Uyghurs in Turkey protest Chinese foreign minister’s visit

A protester from the Uyghur community waves a Turkish flag during a protest
A member of the Uyghur community waves a Turkish flag during a protest against the visit of China’s Foreign Minister Wang Yi in Istanbul on Thursday. Hundreds of Uyghurs staged protests demanding that the Turkish government take a stronger stance against human rights abuses in China’s Xinjiang region.
(Emrah Gurel / Associated Press)

Hundreds of Uyghurs staged protests in Ankara and Istanbul on Thursday, denouncing Chinese Foreign Minister Wang Yi’s visit to Turkey and demanding that the Turkish government take a stronger stance against human rights abuses in China’s far-western Xinjiang region.

The crowd gathered at Istanbul’s Beyazit Square, holding posters of missing relatives they believe are being kept in detention camps in China and chanting slogans against Beijing.

Dozens of Uyghurs, Turkish opposition lawmakers and academics also assembled near the Chinese Embassy in Ankara, as Wang met with Turkish Foreign Minister Mevlut Cavusoglu and later with President Recep Tayyip Erdogan.


“We call on Turkey to stand with East Turkestan,” said Burhan Uluyol, who joined the protest in Istanbul, using the Uyghurs’ term for their heartland in Xinjiang. “We call on Turkey to not turn its back on our Uyghur people because of some economic benefit.”

Uyghurs, a Turkic group native to China’s Xinjiang region, have sought refuge in Turkey for decades because of their shared cultural ties with the country. Once a champion of the Uyghur cause, Turkey has become less vocal about their plight in recent years as it has developed economic ties with China.

Initially, Beijing denied the existence of camps detaining Uyghur Muslims in Xinjiang, but it has since described them as centers to provide job training and to reeducate those exposed to extremism. Chinese officials deny all charges of human rights abuses there.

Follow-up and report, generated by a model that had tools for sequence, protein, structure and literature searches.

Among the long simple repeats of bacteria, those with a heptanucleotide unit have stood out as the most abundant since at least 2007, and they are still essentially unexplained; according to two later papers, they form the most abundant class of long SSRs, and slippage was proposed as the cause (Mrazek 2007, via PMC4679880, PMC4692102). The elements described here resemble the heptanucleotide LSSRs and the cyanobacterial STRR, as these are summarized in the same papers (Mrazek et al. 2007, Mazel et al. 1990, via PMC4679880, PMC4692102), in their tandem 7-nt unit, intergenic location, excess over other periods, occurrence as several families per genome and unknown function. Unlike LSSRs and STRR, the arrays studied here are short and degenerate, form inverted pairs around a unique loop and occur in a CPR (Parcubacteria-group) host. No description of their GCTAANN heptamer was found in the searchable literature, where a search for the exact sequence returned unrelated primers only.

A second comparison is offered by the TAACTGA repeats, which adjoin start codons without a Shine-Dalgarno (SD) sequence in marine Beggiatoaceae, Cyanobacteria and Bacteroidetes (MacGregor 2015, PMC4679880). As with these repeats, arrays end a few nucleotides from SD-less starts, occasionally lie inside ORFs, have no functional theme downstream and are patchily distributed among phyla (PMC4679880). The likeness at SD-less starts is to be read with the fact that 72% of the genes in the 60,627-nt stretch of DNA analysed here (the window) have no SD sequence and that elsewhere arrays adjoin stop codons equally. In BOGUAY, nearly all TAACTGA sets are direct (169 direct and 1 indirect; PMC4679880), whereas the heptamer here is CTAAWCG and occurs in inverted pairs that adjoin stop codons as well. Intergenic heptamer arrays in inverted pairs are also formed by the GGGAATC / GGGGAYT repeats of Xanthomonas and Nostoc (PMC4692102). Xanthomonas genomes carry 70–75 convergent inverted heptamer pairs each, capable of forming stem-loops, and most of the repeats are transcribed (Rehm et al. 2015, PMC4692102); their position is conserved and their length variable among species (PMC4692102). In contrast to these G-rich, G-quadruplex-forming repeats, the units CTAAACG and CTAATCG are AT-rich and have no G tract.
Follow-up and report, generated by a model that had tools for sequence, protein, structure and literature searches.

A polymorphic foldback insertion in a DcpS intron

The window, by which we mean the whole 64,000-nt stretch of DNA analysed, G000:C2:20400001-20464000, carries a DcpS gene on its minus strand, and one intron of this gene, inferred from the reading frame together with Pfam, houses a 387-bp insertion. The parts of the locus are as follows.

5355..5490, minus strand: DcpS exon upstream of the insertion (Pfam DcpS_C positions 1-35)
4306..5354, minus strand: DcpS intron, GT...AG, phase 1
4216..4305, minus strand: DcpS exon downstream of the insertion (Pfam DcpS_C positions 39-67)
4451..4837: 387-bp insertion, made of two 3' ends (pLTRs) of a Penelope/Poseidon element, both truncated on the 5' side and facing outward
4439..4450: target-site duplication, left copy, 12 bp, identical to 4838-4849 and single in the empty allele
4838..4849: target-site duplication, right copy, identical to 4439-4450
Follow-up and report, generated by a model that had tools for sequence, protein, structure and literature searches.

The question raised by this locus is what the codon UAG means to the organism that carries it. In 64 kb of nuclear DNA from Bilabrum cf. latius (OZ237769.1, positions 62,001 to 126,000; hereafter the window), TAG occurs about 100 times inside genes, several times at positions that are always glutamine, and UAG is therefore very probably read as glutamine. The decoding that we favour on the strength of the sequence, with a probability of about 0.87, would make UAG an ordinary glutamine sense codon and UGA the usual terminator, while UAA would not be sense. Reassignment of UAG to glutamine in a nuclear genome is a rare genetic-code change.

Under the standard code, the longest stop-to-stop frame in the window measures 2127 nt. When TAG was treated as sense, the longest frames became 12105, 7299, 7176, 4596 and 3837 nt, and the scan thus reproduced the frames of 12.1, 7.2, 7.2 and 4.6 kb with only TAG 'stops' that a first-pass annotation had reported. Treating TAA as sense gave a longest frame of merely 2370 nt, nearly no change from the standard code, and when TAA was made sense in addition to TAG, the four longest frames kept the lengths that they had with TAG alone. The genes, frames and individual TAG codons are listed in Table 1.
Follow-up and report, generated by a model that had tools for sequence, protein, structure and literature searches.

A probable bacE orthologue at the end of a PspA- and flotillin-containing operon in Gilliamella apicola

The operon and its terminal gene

A vast system of Chinese surveillance, detention, cultural erasure and forced labor has devastated the Uighur people in Xinjiang, their homeland.

After his meeting with Wang, Cavusoglu tweeted that the two discussed the potential for economic cooperation between their countries and agreed to enhance their cooperation against the coronavirus and on vaccines.

Cavusoglu also said he had “conveyed our sensitivity and thoughts on Uyghur Turks.”

China recently ratified an extradition treaty with Turkey that was signed years ago, raising fears among the Uyghur community that they could be sent back to the country they fled. Turkey has yet to ratify the agreement.

Turkey has reached agreement with China’s Sinovac company to purchase more than 100 million doses of its COVID-19 vaccine. The agreement raised fears among Uyghurs over the possibility that Beijing could use the vaccines as leverage to win passage of the extradition treaty.

Fatma Hasan, a 21-year-old Uyghur demonstrator, said she believes Wang will pressure Turkey to ratify the agreement.

Facebook says hackers in China used fake accounts and impostor websites to try to break into the phones of Uyghur Muslims.

“If there is pressure, and the agreement is signed, we will be returned,” she said. “We are here [protesting] because we don’t want to end up in such a situation.

Both Turkish and Chinese authorities insist that the extradition bill doesn’t aim to target Uyghurs for deportation.

Wang arrived in Ankara as part of a regional tour that is taking him to Saudi Arabia, Turkey, Iran, the United Arab Emirates, Oman and Bahrain.

Guzel reported from Istanbul and Fraser from Ankara.